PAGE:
Importantly, the bankruptcy process is fair. It shifts the cost of this crisis onto those airline investors who make good returns during good times and should shoulder the decreased value of their investments, instead of taxpayers. Without a bailout, airlines won’t just be flying the friendly sky, but the fairer sky—for all taxpayers”
“Let’s remind everyone why we shouldn’t bail out airlines. Yes, the coronavirus crisis is both a public health and an economic tragedy. But this doesn’t justify the government granting special privileges to private firms, at least not without those firms first taking other available steps to potentially avoid the need for a bailout.
There are other options they could pursue.
First, the airlines still have plenty of access to private capital markets. They own significant amounts of durable assets that they can sell or use as collateral to get additional financing. Indeed, they’ve been able to secure substantial private capital since the beginning of the pandemic.
Second, if private financing fails, some airlines can and should do what they’ve done in the past when in such a predicament: declare bankruptcy. Past bankruptcies tell us that airlines can continue flying safely even during a bankruptcy, so there’s no systemic risk posed to the economy at large.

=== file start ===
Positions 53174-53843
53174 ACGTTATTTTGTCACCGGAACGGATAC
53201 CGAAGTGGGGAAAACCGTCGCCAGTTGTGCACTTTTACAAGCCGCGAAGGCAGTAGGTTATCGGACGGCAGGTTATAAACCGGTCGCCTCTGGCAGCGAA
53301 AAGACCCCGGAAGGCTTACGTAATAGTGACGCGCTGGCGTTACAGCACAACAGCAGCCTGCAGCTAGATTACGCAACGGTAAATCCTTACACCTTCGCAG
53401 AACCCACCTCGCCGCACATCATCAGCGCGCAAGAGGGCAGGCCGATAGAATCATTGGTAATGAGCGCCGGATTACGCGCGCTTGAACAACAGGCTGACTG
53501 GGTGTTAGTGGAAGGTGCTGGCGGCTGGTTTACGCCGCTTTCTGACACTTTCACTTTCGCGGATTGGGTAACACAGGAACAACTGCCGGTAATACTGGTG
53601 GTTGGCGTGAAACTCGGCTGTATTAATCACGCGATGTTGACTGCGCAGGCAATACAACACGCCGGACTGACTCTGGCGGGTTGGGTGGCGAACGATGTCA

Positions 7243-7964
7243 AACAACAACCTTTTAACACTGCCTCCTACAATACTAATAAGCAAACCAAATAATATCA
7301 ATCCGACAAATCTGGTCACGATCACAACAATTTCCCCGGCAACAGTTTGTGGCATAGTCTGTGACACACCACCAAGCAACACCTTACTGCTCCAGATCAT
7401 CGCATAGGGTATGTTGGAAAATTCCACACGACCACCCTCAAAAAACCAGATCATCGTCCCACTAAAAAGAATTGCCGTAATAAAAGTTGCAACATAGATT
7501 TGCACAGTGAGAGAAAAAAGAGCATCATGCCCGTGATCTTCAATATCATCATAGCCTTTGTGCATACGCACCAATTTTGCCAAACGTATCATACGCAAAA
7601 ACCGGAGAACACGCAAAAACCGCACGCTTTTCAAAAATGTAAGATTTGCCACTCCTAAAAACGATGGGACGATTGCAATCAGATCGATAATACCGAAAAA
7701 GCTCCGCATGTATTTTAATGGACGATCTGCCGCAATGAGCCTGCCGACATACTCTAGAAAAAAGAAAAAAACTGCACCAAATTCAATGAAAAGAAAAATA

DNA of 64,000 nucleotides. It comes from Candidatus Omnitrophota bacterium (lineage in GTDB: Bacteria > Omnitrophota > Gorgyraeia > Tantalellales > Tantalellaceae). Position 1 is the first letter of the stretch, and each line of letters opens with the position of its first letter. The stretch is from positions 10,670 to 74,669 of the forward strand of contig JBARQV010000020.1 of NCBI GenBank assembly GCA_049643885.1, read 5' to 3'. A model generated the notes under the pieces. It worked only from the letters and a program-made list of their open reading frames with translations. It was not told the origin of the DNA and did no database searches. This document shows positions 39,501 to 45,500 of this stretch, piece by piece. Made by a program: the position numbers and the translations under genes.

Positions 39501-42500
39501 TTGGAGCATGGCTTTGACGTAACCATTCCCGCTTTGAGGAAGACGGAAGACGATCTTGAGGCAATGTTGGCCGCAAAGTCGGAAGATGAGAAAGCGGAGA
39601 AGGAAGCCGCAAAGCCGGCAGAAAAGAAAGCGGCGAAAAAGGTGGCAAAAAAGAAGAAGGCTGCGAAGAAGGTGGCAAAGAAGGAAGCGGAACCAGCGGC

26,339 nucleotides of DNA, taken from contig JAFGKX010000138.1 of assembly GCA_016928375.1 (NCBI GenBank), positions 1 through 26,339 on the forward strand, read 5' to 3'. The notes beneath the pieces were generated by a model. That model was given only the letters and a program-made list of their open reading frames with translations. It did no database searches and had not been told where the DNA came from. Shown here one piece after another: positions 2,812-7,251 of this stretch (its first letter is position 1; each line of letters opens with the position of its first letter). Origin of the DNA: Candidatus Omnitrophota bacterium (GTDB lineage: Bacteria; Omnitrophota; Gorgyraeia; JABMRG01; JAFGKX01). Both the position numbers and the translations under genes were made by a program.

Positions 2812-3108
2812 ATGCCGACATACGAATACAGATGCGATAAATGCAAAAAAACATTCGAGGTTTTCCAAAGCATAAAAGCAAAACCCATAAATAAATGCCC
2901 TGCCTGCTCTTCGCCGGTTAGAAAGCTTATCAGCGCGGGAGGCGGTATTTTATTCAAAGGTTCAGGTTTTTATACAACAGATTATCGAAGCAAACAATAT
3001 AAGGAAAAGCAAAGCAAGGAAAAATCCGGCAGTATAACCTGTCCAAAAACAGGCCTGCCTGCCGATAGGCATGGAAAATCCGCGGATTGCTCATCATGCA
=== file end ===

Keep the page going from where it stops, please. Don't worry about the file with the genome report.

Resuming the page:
To be sure, bankruptcy would mean that, for the time being, airlines may fly on more limited routes. But that shouldn’t be a problem in light of a collapse in demand, which won’t be resolved as long as Americans remain wary of flying.
There’s no easy solution during this pandemic. Many people and businesses have no options at all. But an airline bailout would bring about more negative consequences. The first is that it’s a huge expense for taxpayers to shoulder with no promise for a solid return. We’ve already bailed out the airlines, and all this past coddling has done is to postpone the inevitable layoffs of its excess employees.
Analysts don’t think air travel will return to prepandemic levels for several years—some say up to seven. Let’s assume that it takes five years for air travel to return to its previous level. That would require taxpayers to extend up to $320 billion in bailout funds to the airlines.”
“The new rules, which the U.S. Department of Transportation (USDOT) issued yesterday, provide the industry with some additional flexibility for how many flights they’ll have to perform in order to access federal funding.
But USDOT’s minimum service standards will still require air carriers to operate money-losing flights in order to access government loans and grants, wasting both industry and taxpayer dollars, and potentially setting the stage for prolonged government intervention in the passenger airline industry.”
“the exact number of flights left up to the Secretary of Transportation to decide.”
“These loans come with their own set of requirements. Most significantly, the CARES Act gives the Treasury Department the power to demand equity in these airlines in return for loans, which it can hold for up to five years. (The government would not get any voting power with these shares.)
“What is the government going to pay per share on this? Right now, the share price is very low, at the level of support they are holding out, you could potentially have the government be significant, major equity holders in these carriers,” says Scribner.”